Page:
Delphinus Medical Technologies announces the installation of its SoftVue 3D whole-breast ultrasound tomography system at East Alabama Medical Center, making the site the second in the world to purchase and offer patients the U.S. FDA-approved technology for screening women with dense breast tissue.

Dense breast tissue is common, affecting 40% of women and making them four times more likely to develop breast cancer. Compounding the increased risk, dense breast tissue typically appears white on a mammogram, as does cancer, making clinicians miss roughly half of new cancer cases.

When paired with a screening mammogram, SoftVue has been shown to identify up to 20% more cancers while also reducing false positives and decreasing unnecessary call-backs and biopsies, according to Delphinus Medical Technologies officials.

“We developed SoftVue to fit a very real unmet need for patients with dense breasts who need better screening modalities that can find more cancers,” adds Mark J. Forchette, president and CEO of Delphinus Medical Technologies. “As an Auburn University graduate, I am excited that the East Alabama community is at the forefront of dense breast screening innovation and has an opportunity to lead a global transformation in imaging that will save hundreds of thousands of lives.”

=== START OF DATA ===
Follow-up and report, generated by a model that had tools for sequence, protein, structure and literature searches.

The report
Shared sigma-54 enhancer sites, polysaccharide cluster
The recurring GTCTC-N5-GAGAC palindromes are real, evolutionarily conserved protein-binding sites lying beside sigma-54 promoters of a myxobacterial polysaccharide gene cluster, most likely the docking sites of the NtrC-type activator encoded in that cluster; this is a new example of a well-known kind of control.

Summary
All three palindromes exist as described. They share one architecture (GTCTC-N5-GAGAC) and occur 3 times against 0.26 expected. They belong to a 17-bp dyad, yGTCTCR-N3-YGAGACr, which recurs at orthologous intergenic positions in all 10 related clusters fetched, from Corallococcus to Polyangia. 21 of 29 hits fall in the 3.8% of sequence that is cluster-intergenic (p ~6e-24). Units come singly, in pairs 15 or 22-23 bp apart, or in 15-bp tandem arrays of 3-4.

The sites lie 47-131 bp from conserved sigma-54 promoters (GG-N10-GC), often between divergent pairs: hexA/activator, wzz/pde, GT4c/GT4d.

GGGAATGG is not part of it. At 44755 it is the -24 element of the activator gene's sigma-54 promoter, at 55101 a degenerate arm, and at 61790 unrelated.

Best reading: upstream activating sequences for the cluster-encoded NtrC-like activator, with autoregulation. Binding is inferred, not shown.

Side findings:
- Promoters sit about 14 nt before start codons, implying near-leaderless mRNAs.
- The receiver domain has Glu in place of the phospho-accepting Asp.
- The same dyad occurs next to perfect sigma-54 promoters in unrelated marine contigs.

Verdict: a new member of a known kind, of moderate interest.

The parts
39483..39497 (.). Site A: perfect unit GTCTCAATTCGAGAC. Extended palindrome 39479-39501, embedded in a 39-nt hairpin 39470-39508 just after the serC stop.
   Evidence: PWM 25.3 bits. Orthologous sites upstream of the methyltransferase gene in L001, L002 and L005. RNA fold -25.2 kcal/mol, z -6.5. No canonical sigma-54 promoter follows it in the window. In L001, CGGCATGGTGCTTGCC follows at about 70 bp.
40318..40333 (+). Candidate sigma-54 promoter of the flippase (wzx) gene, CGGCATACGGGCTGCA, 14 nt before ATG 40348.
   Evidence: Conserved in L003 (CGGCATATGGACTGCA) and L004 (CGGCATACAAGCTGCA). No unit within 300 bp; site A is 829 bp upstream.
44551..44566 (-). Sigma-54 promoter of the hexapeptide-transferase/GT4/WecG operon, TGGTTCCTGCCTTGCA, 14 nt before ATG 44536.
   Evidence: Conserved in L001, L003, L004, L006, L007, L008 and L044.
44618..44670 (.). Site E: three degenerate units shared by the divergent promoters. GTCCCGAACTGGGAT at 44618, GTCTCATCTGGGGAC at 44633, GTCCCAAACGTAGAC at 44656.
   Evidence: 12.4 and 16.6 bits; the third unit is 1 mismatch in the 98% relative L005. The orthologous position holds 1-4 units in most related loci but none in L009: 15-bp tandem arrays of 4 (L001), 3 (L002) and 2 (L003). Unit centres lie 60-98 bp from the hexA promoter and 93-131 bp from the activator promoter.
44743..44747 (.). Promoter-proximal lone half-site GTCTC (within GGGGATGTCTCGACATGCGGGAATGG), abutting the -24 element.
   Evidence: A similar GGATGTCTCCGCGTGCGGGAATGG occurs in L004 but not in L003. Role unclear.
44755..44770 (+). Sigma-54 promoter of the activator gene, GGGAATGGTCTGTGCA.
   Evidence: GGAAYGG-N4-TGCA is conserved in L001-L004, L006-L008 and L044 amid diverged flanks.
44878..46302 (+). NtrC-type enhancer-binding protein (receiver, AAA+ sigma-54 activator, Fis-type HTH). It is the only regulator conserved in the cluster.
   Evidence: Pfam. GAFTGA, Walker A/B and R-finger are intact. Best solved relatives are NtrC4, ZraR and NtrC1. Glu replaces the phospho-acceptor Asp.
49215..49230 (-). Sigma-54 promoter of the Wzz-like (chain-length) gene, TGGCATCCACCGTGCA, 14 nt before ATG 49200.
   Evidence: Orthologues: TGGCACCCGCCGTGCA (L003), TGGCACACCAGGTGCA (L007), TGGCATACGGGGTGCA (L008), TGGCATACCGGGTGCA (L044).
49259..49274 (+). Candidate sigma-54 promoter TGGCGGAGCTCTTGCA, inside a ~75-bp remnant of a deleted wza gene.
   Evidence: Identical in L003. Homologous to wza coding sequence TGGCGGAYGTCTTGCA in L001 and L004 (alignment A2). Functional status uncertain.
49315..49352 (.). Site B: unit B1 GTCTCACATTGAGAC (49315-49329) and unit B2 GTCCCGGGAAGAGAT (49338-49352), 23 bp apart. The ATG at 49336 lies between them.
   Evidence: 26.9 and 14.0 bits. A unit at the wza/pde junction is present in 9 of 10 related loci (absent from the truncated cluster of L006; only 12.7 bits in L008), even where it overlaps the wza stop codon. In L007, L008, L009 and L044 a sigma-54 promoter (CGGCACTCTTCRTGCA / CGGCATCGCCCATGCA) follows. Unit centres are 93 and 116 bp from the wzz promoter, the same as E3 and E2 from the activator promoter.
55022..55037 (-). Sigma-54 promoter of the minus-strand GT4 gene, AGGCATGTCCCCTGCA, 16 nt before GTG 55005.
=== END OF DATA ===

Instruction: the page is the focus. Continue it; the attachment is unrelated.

The FDA approval of SoftVue, used as an adjunct to mammography, allows women with dense breast tissue to have both cancer screening tests during a single appointment. Taking approximately eight to 10 minutes, a SoftVue exam uses warm water and ultrasound technology to create a 3D image of the whole breast to detect the presence of cancer in its earliest stages—including masses in dense breast tissue often missed by mammography alone—while avoiding radiation exposure and compression, allowing the radiologist to make a more accurate diagnosis.

“We are committed to providing our patients with superior screening technology. SoftVue will further strengthen our fight against breast cancer, which accounts for one in three new cancer diagnoses in women each year,” says Laura Grill, East Alabama Health president and CEO. “The key to breast cancer survival is early detection, and this new screening device will be lifesaving for so many women in our community.”